Monday, November 12, 2012

More Evidence the Philosophumena is Directly Related to Celsus's Heretical Source Book

We already noted in our last post that both Celsus and the Philosophumena reference the concept of 'cauterizing the ears' with respect to heresy.  Now we can added another key concept referenced by Origen - that of Christians being 'enigmas.'  We read in Against Celsus 5:64 again:

And it is owing to this cause that Celsus has said that "certain among the Christians are called 'cauterized in the ears" (ἀκοῆς καυστήριά) and also that some are termed "enigmas" (αἰνίγματα) --a term which we have never met.

While Origen says the terminology is never used, the Philosophumena testifies otherwise.  We read in the very introduction with respect to the Christian heresies:

We have likewise, on a former occasion, expounded the doctrines of these briefly, not illustrating them with any degree of minuteness, but refuting thorn in coarse digest; not having considered it requisite to bring to light their secret doctrines, in order that, when we have called them enigmas (αἰνιγμάτων), they, becoming ashamed, lest also, by our divulging their mysteries, we should convict them of atheism, might be induced to desist in some degree from their unreasonable opinion and their profane attempt. But since I perceive that they have not been abashed by our forbearance, and have made no account of how God is long-suffering, though blasphemed by them, in order that either from shame they may repent, or should they persevere, be justly condemned, I am forced to proceed in my intention of exposing those secret mysteries of theirs, which, to the initiated, with a vast amount of plausibility they deliver who are not accustomed first to disclose (to any one), till, by keeping such in suspense during a period (of necessary preparation), and by rendering him blasphemous towards the true God they have acquired complete ascendancy over him, and perceive him eagerly panting after the promised disclosure. And then, when they have tested him to be enslaved by sin, they initiate him, putting him in possession of the perfection of wicked things. Previously, however, they bind him with an oath neither to divulge (the mysteries), nor to hold communication with any person whatsoever, unless he first undergo similar subjection, though, when the doctrine has been simply delivered (to any one), there was no longer any need of an oath. For he who was content to submit to the necessary purgation, and so receive the perfect mysteries of these men, by the very act itself, as well as in reference to his own conscience, will feel himself sufficiently under an obligation not to divulge to others; for if he once disclose wickedness of this description to any man, he would neither be reckoned among men, nor be deemed worthy to behold the light, since not even irrational animals would attempt such an enormity, as we shall explain when we come to treat of such topics.[1.1]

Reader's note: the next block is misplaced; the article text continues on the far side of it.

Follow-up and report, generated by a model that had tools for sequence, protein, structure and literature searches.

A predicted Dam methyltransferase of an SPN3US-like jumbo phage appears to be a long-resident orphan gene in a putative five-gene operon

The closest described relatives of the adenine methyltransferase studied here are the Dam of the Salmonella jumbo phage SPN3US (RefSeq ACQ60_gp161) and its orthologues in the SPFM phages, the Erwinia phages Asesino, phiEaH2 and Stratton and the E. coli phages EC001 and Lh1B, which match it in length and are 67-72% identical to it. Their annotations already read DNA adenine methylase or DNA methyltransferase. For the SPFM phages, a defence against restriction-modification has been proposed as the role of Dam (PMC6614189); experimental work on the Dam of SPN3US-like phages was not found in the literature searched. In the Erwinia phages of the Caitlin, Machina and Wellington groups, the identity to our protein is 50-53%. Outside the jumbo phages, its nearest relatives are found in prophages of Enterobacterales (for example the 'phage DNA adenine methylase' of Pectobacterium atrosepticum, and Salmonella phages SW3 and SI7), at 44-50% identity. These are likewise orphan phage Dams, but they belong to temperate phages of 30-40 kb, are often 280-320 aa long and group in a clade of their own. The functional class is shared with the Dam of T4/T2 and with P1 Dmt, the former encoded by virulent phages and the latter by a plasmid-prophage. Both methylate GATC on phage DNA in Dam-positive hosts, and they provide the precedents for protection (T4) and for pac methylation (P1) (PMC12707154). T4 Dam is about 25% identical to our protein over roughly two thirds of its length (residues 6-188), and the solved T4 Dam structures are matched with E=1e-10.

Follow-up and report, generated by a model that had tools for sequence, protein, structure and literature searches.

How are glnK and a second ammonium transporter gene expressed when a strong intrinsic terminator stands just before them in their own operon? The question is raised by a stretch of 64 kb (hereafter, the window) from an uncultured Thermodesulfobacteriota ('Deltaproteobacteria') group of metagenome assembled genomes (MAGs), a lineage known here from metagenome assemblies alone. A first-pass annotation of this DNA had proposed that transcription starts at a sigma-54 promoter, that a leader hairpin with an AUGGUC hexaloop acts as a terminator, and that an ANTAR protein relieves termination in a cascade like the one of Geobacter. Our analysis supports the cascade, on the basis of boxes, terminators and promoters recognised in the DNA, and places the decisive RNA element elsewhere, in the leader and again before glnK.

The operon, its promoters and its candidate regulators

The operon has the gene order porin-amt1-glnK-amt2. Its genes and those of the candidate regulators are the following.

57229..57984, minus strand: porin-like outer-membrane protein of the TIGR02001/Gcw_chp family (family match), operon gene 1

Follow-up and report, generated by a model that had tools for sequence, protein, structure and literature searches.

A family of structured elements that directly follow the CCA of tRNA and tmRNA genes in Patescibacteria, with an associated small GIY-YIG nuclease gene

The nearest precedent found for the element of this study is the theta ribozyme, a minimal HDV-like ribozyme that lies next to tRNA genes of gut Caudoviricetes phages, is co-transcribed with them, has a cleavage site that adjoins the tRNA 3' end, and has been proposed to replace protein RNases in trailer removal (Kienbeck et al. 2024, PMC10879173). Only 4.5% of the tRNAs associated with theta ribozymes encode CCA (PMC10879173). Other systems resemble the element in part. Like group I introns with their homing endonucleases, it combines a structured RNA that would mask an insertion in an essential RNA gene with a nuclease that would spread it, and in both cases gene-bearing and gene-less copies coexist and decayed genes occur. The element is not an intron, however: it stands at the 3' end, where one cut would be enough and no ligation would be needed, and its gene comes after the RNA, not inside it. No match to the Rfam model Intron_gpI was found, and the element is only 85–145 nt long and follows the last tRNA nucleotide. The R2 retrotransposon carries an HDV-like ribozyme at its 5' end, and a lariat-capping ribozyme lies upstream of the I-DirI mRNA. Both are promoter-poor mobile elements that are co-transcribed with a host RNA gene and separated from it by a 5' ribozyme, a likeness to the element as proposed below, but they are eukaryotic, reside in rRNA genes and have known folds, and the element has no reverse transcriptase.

It is important to note that the existing English translation has furnished missing words to give the sentence another meaning - "<καὶ> ἐν οἷς λέγει [καὶ] δι' αἰνιγμάτων [καὶ τοιούτων λόγων]" = "not having considered it requisite to bring to light their secret doctrines, in order that, when we have explained their tenets by enigmas."

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